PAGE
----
Horror needs more great female villains…
…For every Carrie or Mary Lou, there are five Freddy Kruegers or Michael Myers. And it’s not that they aren’t out there. Quite a few good horror films offer memorable female villains. They just too often get denied the chance for a sequel. Inside writers/directors Alexandre Bustillo and Julien Maury’s new folkloric horror flick, Kandisha, may be heavily flawed, but introduces a terrifying villain that deserves more time under the bloody sun.
In Kandisha, three women, Amelie (Mathilde Lamusse), Bintou (Suzy Bemba) and Morjana (Samarcande Saadi), are enjoying their summer break, spending their nights in abandoned buildings, tagging them with kickass graffiti. But when the girls stumble upon the name Kandisha behind rotting wallpaper, they learn of an urban legend about a demonic woman who destroys men (hell yeah). After Amelie is assaulted by her ex, she summons Kandisha, unwillingly unleashing her on all of the men in the three friend’s lives.
Following an eerie, slow zoom into the city accompanied by a haunting score from Raf Keunen, Kandisha starts off well enough, introducing us to our main trio and a few other friends as they chat in a diner, spending most of the time tossing around jokes about each other’s race, which no one seems to mind much. The filmmakers take their time injecting us into the lives of these characters, with nothing even remotely spooky occurring until about the twenty-minute mark. It would be a stretch to say that there’s much depth to our cast of characters, but Lamusse, Bemba and Saadi make up for what’s lacking in the script with endearing performances that feel natural and more importantly real. None of the three are any kind of trope. They’re all just women, living their lives in a world where the cruelty of men is all too real.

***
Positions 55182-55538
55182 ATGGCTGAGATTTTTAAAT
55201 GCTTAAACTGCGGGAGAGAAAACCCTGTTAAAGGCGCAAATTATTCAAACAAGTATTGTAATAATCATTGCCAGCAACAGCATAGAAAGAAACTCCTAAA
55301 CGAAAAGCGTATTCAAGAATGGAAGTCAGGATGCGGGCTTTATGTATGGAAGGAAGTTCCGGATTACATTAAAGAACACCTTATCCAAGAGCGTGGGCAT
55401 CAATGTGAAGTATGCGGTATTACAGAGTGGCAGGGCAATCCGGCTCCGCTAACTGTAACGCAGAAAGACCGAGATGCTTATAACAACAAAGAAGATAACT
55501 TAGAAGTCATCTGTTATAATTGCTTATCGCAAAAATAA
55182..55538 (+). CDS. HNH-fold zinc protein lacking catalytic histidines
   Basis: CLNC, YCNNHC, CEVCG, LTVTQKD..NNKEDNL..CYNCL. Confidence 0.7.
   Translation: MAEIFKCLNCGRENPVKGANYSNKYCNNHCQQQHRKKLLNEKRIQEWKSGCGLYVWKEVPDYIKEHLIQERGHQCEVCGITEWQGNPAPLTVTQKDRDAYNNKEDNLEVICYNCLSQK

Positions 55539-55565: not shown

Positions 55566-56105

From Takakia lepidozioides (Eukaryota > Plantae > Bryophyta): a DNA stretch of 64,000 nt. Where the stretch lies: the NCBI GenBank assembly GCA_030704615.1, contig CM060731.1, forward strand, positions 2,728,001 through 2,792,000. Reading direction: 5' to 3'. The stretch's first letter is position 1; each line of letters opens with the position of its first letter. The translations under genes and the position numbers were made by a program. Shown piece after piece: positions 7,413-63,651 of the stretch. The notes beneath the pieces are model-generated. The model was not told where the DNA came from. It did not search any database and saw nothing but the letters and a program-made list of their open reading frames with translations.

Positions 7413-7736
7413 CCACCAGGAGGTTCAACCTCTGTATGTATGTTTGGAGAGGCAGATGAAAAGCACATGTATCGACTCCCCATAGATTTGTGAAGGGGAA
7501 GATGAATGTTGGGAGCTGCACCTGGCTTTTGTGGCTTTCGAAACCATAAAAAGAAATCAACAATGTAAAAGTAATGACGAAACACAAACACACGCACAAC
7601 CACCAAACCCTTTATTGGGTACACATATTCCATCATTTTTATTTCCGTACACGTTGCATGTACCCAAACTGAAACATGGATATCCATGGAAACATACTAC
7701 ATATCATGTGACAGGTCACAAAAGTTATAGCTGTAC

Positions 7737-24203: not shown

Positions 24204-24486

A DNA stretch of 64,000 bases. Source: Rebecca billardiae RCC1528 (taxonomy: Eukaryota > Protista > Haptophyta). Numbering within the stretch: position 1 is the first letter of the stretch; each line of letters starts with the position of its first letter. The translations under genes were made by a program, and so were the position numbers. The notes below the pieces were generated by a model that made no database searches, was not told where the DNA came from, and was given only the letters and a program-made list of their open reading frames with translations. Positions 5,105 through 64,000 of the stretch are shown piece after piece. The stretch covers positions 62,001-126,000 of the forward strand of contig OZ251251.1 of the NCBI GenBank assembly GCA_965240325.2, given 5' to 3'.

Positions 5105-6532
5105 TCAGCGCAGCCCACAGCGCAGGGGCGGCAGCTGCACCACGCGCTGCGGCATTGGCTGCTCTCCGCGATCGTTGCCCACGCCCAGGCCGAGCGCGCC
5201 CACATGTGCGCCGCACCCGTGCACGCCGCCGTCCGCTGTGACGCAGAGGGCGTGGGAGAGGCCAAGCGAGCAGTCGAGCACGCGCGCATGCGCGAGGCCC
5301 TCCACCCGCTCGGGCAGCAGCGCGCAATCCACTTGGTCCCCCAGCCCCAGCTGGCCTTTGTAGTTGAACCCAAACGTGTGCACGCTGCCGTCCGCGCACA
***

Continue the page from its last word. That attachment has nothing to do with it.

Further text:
Oddly enough, it’s that companionship of these three women and the melting pot of culture which they represent that both elevates the thematic punch of Kandisha, yet hurts it as well. Between the three women and the demonic spirit which haunts them, Kandisha reflects a harsh truth that we know all too well: women in every culture experience abuse from men, and that abuse is generational. Never-ending. Timeless. We live in a period where male toxicity is finally being called out for the ugly monster it is, and Kandisha is an angry metaphor for the vengeance of generations, hellbent on making men pay.
The downside is, Kandisha sacrifices genuine suspense for the theme.
The film suffers from a “too many heroes” syndrome, with our trio of women spending nearly every moment past the first act together, which only exacerbates the fact that there is little actual danger posed to themselves. Kandisha is only after the men in their lives, and there is tragic heartbreak that results from that, but the impact hits softer than it should, because we hardly get to know any of the men whom Kandisha is stalking. Amelie, Bintou and Morjana, while all likeable characters by themselves, could have easily been combined into a single person with a greater connection to Kandisha’s victims, but as is, the weight of the deaths which the film is attempting to impose aren’t as heavy as they need to be for an effective, emotional impact.